7
Hungary

FerdinandMüller-RommelandGabriellaIlonszki


Cabinet setting

Hungarian developments since 1989

The new Republic of Hungary was proclaimed on 23 October 1989, 33 years after Soviet troops intervened in Hungary and installed a Soviet-supported government. Compared to most other countries in Central-Eastern Europe, Hungary had long and stronger economic and political ties with several Western European countries, above all Austria. The economic and the political reform process started early as a result.

In 1989, several new political parties were founded and old parties reconstituted. Among them, the most prominent were the centre-right Hungarian Democratic Forum (MDF), the liberal Alliance of Free Democrats (SzDSz), set up by dissident intellectuals from several unofficial opposition groups, and the Independent Smallholders' Party (FKgP), which had been a dominant party in Hungary's first postwar election of 1947. In addition, the Social Democratic Party (MSzDP), which had merged with the Hungarian Communist Party in 1945 to form the Hungarian Workers' Party, was reconstituted.

As a result of by-elections in July 1989, a member of the opposition party (MDF), who had defeated the candidate of the leading Communist Party (HSWP), entered parliament for the first time since 1947. In three other by-elections MDF candidates had been more successful than HSWP candidates. Faced with these new challenges, the HSWP dissolved the party and created a new Hungarian Socialist Party (MSzP), committed to multiparty democracy and to an efficient market economy.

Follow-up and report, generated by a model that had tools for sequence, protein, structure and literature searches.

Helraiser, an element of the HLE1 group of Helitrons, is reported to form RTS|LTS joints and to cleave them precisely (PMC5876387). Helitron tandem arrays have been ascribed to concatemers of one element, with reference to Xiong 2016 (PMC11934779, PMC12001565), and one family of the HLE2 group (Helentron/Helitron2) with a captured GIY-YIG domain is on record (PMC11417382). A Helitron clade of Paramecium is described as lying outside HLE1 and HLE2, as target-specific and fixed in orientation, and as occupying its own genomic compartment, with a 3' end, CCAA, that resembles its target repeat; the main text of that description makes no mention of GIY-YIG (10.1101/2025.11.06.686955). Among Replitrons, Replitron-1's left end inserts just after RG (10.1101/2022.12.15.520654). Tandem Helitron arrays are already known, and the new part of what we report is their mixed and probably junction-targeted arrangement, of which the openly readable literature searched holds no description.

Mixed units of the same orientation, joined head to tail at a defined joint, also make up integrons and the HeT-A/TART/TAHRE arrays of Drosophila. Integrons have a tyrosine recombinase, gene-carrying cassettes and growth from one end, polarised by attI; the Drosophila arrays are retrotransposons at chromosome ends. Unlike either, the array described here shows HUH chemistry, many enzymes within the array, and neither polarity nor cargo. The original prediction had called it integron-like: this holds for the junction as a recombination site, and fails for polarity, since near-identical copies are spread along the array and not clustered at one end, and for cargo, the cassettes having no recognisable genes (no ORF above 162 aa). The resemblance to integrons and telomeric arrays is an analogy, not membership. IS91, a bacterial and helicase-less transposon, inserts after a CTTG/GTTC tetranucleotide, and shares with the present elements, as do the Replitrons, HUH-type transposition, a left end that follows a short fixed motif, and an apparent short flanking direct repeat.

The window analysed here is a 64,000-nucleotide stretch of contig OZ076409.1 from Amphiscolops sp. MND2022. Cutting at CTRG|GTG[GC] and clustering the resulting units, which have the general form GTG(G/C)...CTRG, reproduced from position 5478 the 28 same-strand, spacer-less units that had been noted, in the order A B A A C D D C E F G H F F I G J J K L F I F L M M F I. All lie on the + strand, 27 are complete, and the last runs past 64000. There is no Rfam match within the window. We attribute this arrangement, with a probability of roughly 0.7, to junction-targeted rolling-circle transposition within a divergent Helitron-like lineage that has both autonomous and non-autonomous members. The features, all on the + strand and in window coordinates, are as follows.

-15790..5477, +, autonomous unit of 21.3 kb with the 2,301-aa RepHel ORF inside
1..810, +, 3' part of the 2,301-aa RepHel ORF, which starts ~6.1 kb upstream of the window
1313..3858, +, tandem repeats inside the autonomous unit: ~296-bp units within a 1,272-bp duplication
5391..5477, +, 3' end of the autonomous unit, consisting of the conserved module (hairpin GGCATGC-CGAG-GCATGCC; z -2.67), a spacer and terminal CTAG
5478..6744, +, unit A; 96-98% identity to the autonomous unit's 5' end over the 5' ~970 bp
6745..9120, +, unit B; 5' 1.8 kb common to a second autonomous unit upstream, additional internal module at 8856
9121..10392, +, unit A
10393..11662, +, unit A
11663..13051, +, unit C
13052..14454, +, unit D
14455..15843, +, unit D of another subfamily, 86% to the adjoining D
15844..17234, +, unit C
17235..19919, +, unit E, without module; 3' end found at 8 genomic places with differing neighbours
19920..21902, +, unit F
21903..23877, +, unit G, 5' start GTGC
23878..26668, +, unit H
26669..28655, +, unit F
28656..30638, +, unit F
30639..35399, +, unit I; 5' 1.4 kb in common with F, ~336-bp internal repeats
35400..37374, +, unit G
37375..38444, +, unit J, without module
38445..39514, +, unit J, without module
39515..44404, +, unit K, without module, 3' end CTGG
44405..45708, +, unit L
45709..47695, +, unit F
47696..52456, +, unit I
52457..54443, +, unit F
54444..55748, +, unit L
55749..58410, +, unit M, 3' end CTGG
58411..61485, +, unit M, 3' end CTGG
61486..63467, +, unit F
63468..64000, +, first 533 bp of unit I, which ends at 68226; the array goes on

In October 1989, the national parliament approved an amended Constitution defining Hungary as an independent democratic state based on the rule of law. All powers were to belong to the people, which they would exercise through their elected representatives. The Constitutional Court was also established. The Presidential Council was abolished and was replaced by a president; the speaker of parliament, Matyas Szürös, was appointed as interim president.

-84-

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Cabinets in Eastern Europe
Table of contents

Table of contents

  • Title Page iii
  • Contents v
  • List of Tables viii
  • Notes on Contributors ix
  • Preface x
  • Cabinets in Post-Communist East-Central Europe and in the Balkans: Introduction 1
  • Notes 14
  • Part 1 - East-Central Europe 15
  • 1 - Estonia 17
  • 2 - Latvia 29
  • 3 - Lithuania 40
  • 4 - Poland 50
  • 5 - Czech Republic 62
  • 6 - Slovakia 73
  • 7 - Hungary 84
  • 8 - Slovenia 95
  • Part 2 - The Balkans 107
  • 9 - Romania 109
  • 10 - Moldova 120
  • 11 - Bulgaria 131
  • 12 - Albania 142
  • 13 - Macedonia 152
  • 14 - Croatia 162
  • 15 - Bosnia-Hercegovina 173
  • 16 - Serbia and the New Yugoslavia 184
  • 17 - Cabinets in Post-Communist East-Central Europe and the Balkans: Empirical Findings and Research Agenda 193
  • Appendices 202
  • Bibliography 226
  • Index 241
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